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Sunday, January 29, 2012

The changing goals of healthcare

The IOM has published a wealth of interesting papers. My attention this week was drawn this week to a paper entitled "Knowing What Works in Health Care: A Roadmap for the Nation" which can be found at It speaks to the need for a transparent and believable process which is used to assess what delivers value to patients and how to package that information where it is accessible and understandable to health care providers and to patients and their families. It is a complex problem which will require collation, synthesis, and interpretation of vast amounts of information.

It brought to mind how the landscape of the health care delivery world has changed. That might seem like I am stating the obvious but I believe that the changes which are most fundamental one the ones that are least appreciated. When Jesus was dining with the sinners and tax collectors, he was asked by the Pharisees why he would engage in such behavior. His response was"
“It is not the healthy who need a doctor, but the sick. I have not come to call the righteous, but sinners.” (Mark 2:17)
This is a far cry from the present world where doctors offices are filled with people who are the worried well. This underscores how our perspective on the purpose of health care has changed. While Jesus' remarks may have been recorded almost 2000 years ago, the role of physicians really did not change much until mid way through the last century. Physicians took care of people who were sick and generally acutely sick or injured. There was plenty to do and the outcomes were often not desirable ones. Well people did not seek out care from physicians because there was no reason to believe that physicians could deliver anything of value to a well person and perhaps even those with chronic and non-life threatening conditions. The question now is whether times have actually changed.

For those who needed the attention of a physician, for the most part the interventions were for acute conditions and the time frame required to assess success or failure was measured in hours to days. The goals of treatment were very simple. Did the patient live or die. No one was concerned about 30 day re-admission rates. Until relatively recently (meaning the last 50 years), few people were admitted to hospitals for anything (Jimmy Carter was the first President of the US actually born in a hospital). The revolution unleashed by drug development, especially the development of antibiotics (see "Demons Under the Microscope" for a great read on this completely changed not only how physicians practiced, but fundamentally changed what the goals of our jobs would end up being.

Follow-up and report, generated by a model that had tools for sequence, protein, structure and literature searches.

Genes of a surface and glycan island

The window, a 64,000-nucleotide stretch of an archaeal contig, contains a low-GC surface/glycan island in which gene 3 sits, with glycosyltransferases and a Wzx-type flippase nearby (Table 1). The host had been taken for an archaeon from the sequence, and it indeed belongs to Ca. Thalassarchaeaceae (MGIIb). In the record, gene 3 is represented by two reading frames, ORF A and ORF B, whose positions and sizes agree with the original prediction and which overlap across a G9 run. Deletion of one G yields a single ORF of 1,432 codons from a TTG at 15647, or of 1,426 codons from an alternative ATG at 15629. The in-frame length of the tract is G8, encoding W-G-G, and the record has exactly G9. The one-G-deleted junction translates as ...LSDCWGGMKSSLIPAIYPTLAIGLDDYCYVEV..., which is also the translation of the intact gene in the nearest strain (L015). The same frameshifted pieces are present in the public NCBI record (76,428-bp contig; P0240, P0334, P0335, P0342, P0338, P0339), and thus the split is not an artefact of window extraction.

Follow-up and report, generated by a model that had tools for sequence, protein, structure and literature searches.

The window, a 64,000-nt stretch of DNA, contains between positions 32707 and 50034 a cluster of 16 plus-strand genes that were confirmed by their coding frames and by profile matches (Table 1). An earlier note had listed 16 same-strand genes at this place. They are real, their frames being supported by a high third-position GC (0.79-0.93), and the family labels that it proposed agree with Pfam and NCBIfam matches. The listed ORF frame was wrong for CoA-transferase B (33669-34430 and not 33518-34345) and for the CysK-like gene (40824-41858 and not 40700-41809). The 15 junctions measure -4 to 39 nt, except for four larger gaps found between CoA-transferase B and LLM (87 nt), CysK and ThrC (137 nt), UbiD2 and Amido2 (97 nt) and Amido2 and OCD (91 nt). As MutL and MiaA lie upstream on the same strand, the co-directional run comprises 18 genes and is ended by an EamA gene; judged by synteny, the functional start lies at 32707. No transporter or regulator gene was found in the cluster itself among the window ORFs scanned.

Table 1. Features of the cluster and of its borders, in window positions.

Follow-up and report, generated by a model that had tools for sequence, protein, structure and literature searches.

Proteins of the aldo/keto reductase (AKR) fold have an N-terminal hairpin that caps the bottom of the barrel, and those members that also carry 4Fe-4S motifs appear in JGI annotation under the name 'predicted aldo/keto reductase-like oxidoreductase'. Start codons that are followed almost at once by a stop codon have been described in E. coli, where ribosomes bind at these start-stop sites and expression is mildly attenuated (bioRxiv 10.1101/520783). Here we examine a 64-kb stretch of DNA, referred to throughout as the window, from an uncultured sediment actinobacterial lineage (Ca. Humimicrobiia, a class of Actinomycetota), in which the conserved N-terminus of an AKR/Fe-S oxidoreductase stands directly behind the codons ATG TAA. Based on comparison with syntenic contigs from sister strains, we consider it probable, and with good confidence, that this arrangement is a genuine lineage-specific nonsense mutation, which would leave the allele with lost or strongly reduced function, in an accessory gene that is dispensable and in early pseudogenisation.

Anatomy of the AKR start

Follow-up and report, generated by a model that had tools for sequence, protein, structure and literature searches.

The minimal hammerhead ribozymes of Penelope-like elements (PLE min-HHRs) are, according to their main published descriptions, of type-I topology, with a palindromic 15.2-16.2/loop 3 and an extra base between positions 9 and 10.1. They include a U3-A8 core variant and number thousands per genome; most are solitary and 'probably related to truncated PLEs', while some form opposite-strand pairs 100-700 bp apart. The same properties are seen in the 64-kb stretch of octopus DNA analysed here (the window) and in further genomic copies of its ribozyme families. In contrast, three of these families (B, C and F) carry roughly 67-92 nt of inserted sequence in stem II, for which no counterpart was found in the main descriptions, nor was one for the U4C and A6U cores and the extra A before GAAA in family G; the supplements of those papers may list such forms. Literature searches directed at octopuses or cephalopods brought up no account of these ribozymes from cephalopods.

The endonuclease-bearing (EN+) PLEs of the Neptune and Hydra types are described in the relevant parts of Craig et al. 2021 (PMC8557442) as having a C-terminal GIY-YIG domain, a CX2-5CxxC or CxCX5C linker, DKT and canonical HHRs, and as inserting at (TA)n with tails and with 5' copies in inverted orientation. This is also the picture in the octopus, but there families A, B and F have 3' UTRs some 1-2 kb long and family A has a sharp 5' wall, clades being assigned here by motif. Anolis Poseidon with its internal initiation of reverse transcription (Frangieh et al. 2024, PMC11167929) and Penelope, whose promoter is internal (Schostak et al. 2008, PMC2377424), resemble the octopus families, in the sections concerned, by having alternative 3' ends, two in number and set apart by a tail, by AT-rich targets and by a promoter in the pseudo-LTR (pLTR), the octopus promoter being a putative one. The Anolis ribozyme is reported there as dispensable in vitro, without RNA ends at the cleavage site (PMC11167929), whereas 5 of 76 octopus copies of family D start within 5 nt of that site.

There are still many physicians who deal with life or death situations. However, increasingly our services are delivered to patients who are no longer sick in the same sense as those viewed as ill in previous generations.  Perhaps even more fundamental is the change in the time line for the assessment of success or failure of interventions. We no longer exclusively attempt to focus on acutely saving lives. Measurement of outcomes in acute care settings is still demanding and can have pitfalls, but it is inherently easier than measuring more difficult to define outcomes which may occur years in the future. In my opinion, the IOM paper was written because of the need to know what works in the realm outside of acute life or death scenarios. We need to be able to figure out which interventions are best for patients when we look out months, years, or decades. This is exceptionally hard and in certain circumstances perhaps not even possible no matter what technology we deploy.

Our confidence in the health care industry is to a substantial degree still living off the momentum created by the almost magical accomplishments in acute care setting that have occurred in the past century. It reminds me a an Arthur C. Clark observation.
Any sufficiently advanced technology is indistinguishable from magic. Arthur C. Clarke, "Profiles of The Future", 1961  
There is no question that we are still are amazingly good at dealing with acute care situations where we can deploy technology which has the semblance of magic. It is questionable whether accomplishments in this realm should translate into confidence in medicine's ability to intervene and make meanigful impact in a more distant time frame.

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